Ashland Inc. is weighing the future of several of its underperforming units, including plastic resin distribution leader General Polymers.
GP is part of Ashland Distribution, a Dublin, Ohio-based Ashland unit that barely broke even in the firm's just-completed fiscal 2002, as sales dropped 11 percent to $2.5 billion. The unit posted a profit of $1 million in fiscal 2002 after clearing $35 million in 2001.
In addition to Ashland Distribution, Ashland is reviewing its specialty chemicals and road construction businesses. Although selling off the units is a possibility, Ashland Distribution spokeswoman Lisa Houston said the distribution unit ``is working on improving the business'' through a reorganization that took effect Oct. 1.
During a conference call with investors and analysts in late October, Ashland Inc. Chief Executive Officer James O'Brien - who assumed the firm's top spot Oct. 1 - said that as the review process is completed, Ashland executives ``are likely to identify assets within these divisions that ... would add more value to another organization than to Ashland.''
Ashland Distribution no longer operates GP, chemicals, composites and environmental services as separate units. Instead, four U.S. regional offices and one international office now report directly to Ashland Distribution President Hank Waters. Three other business-focused vice presidents - including former GP head David Bening, who is now Ashland Distribution's sourcing VP - also report to Waters.
``We wanted to set up more accountability,'' Houston said of the reorganization. ``Each region will have individual sellers focused on plastics and chemicals and the other segments.''
``We'll still use the GP name, but the unit itself no longer exists,'' she added. ``There should be no change to our suppliers or customers.''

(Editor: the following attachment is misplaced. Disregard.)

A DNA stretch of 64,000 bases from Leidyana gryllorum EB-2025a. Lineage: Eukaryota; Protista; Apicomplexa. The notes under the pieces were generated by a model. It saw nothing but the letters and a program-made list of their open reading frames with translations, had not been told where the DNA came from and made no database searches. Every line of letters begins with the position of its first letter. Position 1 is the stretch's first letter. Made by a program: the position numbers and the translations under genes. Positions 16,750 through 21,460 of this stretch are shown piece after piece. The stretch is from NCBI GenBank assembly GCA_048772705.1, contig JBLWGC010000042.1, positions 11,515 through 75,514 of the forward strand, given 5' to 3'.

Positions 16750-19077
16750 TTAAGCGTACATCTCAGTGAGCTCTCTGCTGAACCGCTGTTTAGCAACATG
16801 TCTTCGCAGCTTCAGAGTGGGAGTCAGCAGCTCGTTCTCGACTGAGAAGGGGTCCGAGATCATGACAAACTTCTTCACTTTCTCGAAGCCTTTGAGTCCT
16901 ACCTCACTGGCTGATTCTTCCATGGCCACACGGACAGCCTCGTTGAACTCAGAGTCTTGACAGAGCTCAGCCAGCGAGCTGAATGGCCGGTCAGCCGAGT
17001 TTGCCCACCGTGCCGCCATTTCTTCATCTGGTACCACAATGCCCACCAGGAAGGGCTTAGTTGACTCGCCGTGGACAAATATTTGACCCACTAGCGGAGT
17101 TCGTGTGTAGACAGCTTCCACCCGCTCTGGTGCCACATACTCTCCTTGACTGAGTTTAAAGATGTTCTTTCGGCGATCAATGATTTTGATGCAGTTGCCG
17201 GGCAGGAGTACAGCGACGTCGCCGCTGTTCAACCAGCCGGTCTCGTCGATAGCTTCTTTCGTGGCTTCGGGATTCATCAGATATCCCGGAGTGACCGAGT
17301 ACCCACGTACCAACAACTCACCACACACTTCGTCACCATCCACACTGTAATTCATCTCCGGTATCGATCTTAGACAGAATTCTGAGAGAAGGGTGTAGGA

Employee levels at Ashland Distribution won't be affected by the reorganization, Houston said. The company also plans to continue to operate its 22-warehouse system in North America, which distributes materials for 26 resin makers and compounders.
Ashland does not split out GP's share of Ashland Distribution's sales or profit. In the past, it has assigned a generic annual sales number of $1 billion to GP, meaning it would account for about 40 percent of Ashland Distribution's total sales.
The distribution unit's 2002 shortfall can be attributed to a weakening overall economy and some growing pains from installing a new enterprise resource planning computer system.
``We were rolling out a system that's working to standardize our business,'' Houston said. ``Sometimes when that happens, there's uneven acceptance within the unit. But everything's been resolved and we don't expect that to affect us in 2003.''
GP also was impacted in 2002 by PolyOne Corp.'s decision to take all of its PVC compound distribution in-house. Geon Co., which merged with M.A. Hanna Co. to form PolyOne in 2000, previously had done a substantial part of its sales through GP.
According to one industry estimate, GP's share of Geon's PVC compound business may have been as high as 500 million pounds annually.
GP moved quickly to replace PolyOne's PVC compounds with those produced by Georgia Gulf Corp., but Ashland officials confirmed the move did have an impact on results.
``Any time you have a disruption like that, there's going to be an impact on business,'' Houston said. ``But we think we've found a better, stronger long-term partner in Georgia Gulf.''
Plastics industry consultant Margaret Baumann, president of G.H. Associates in Lebanon, N.J., said it may be unfair to lay most of Ashland Distribution's problems on GP, since 2002 has been a rough year for chemicals and composites distribution as well.
``Volume may be up a little [in resin distribution] this year, but nobody was happy in 2001,'' Baumann said. ``But the other [Ashland Distribution] units probably didn't do that great either.''
If Ashland does decide to unload Ashland Distribution, Baumann said it probably would do so piece by piece, since it's unlikely a buyer could be found for the combined resin, chemicals and composites network. Ashland Distribution was the second-largest business unit for Covington, Ky.-based Ashland in fiscal 2002.
Overall Ashland sales for fiscal 2002 were about $7.5 billion, down more than 2 percent from 2001. Ashland's profit plunged 72 percent to $117 million in fiscal 2002.